Online auto retailer Vroom Inc. saw its shares more than double on Tuesday (June 9) on their first day of trading following the company’s initial public offering (IPO). The firm’s stock traded as high as $47.50, up 115.9 percent from the stock’s IPO price of $22. However, it later pulled back a bit to $44.10 shortly before 3:30 p.m. ET, up some 100.5 percent.
Vroom sold some 21.2 million shares and granted underwriters an option to buy as much as about 3.2 million more, raising more than $400 million. The sale valued the company at some $2.5 billion, but Tuesday’s rally took that over $5 billion. In a June 2 announcement, the firm initially estimated the IPO price at $15 to $17 a share, then raised it to $18 to $20 ahead of the final $22 pricing.
The stock, which trades on the NASDAQ under the symbol “VRM,” is rallying even though Vroom lost $41 million on $376 million in revenue in its latest quarter. That compares to a $27 million loss on $235 million in revenue for the same period last year.
The company had previously raised $254 million in a Durable Capital Partners-led Series H funding round in December of 2019. T. Rowe Price Associates, L Catterton and others participated.
Vroom has created a platform that puts the process of purchasing a vehicle directly under the control of buyers and sellers, without any car dealer or other intermediary needed.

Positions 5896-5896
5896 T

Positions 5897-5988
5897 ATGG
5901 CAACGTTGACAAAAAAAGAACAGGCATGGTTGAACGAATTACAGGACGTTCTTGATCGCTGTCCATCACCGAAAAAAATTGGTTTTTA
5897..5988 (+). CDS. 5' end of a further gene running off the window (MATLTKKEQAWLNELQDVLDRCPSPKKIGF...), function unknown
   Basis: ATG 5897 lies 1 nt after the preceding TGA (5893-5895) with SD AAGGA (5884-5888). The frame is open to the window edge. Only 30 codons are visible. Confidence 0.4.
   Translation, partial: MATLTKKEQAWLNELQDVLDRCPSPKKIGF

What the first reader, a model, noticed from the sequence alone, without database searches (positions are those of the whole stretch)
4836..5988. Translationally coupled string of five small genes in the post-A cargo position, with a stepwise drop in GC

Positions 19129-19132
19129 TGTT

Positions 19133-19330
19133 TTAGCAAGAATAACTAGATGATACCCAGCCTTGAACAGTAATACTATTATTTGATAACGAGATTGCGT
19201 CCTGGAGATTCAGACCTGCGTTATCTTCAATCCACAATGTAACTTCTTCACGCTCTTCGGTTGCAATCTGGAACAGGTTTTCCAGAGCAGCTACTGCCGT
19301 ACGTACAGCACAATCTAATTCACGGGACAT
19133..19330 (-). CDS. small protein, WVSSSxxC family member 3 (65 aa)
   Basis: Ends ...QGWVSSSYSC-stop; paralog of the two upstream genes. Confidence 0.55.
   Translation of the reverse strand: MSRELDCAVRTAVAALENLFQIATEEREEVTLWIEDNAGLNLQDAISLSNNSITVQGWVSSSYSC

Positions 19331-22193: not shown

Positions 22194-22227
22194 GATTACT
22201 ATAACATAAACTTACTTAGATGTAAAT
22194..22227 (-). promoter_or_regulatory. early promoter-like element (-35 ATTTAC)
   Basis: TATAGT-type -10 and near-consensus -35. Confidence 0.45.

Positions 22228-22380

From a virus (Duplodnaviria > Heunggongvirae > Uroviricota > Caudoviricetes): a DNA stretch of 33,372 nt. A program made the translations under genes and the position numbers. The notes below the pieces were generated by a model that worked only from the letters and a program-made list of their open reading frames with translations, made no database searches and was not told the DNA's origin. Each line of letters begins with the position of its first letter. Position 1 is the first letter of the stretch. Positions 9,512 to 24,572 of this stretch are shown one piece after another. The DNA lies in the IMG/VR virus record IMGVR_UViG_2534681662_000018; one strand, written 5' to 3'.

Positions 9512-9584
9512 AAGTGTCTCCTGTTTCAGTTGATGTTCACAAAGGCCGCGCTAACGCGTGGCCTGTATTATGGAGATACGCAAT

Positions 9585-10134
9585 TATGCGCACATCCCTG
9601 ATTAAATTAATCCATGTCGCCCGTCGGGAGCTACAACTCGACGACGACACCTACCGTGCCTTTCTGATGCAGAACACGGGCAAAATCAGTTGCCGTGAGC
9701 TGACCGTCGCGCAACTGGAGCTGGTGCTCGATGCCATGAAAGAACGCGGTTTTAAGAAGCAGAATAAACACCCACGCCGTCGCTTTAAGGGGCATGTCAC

In a recent conversation with Karen Webster, Vroom CEO Paul Hennessy said the firm has seen a “small chilling factor on the business” from the COVID-19 pandemic. However, he noted that consumers still want to buy and sell cars even in today’s turbulent times. They’re also more receptive than they’ve ever been to using a digital channel for car purchases or sales, he said.
Hennessy added that many consumers didn’t really like the auto dealership experience even before the pandemic, and the hurdle was getting them to try that first digital purchase. The CEO believes the pandemic and the related rise in online buying could be the jolt the industry needed to promote a much quicker adoption of digital car sales.
Vroom’s IPO comes as a spate of FinTech, InsurTech and other financial services firms staged or announced what seem likely to be successful public offerings. Actual or expected strong IPOs for Lemonade, Shift4 Payments and other companies are a nod to the sea change underpinning the financial space in general, as well as recognition by investors of the “great digital shift” that seems to be underway.
As PYMNTS has noted, the overarching theme is that digital marketplaces can simplify how things have traditionally been accomplished, jettisoning paper and face-to-face meetings.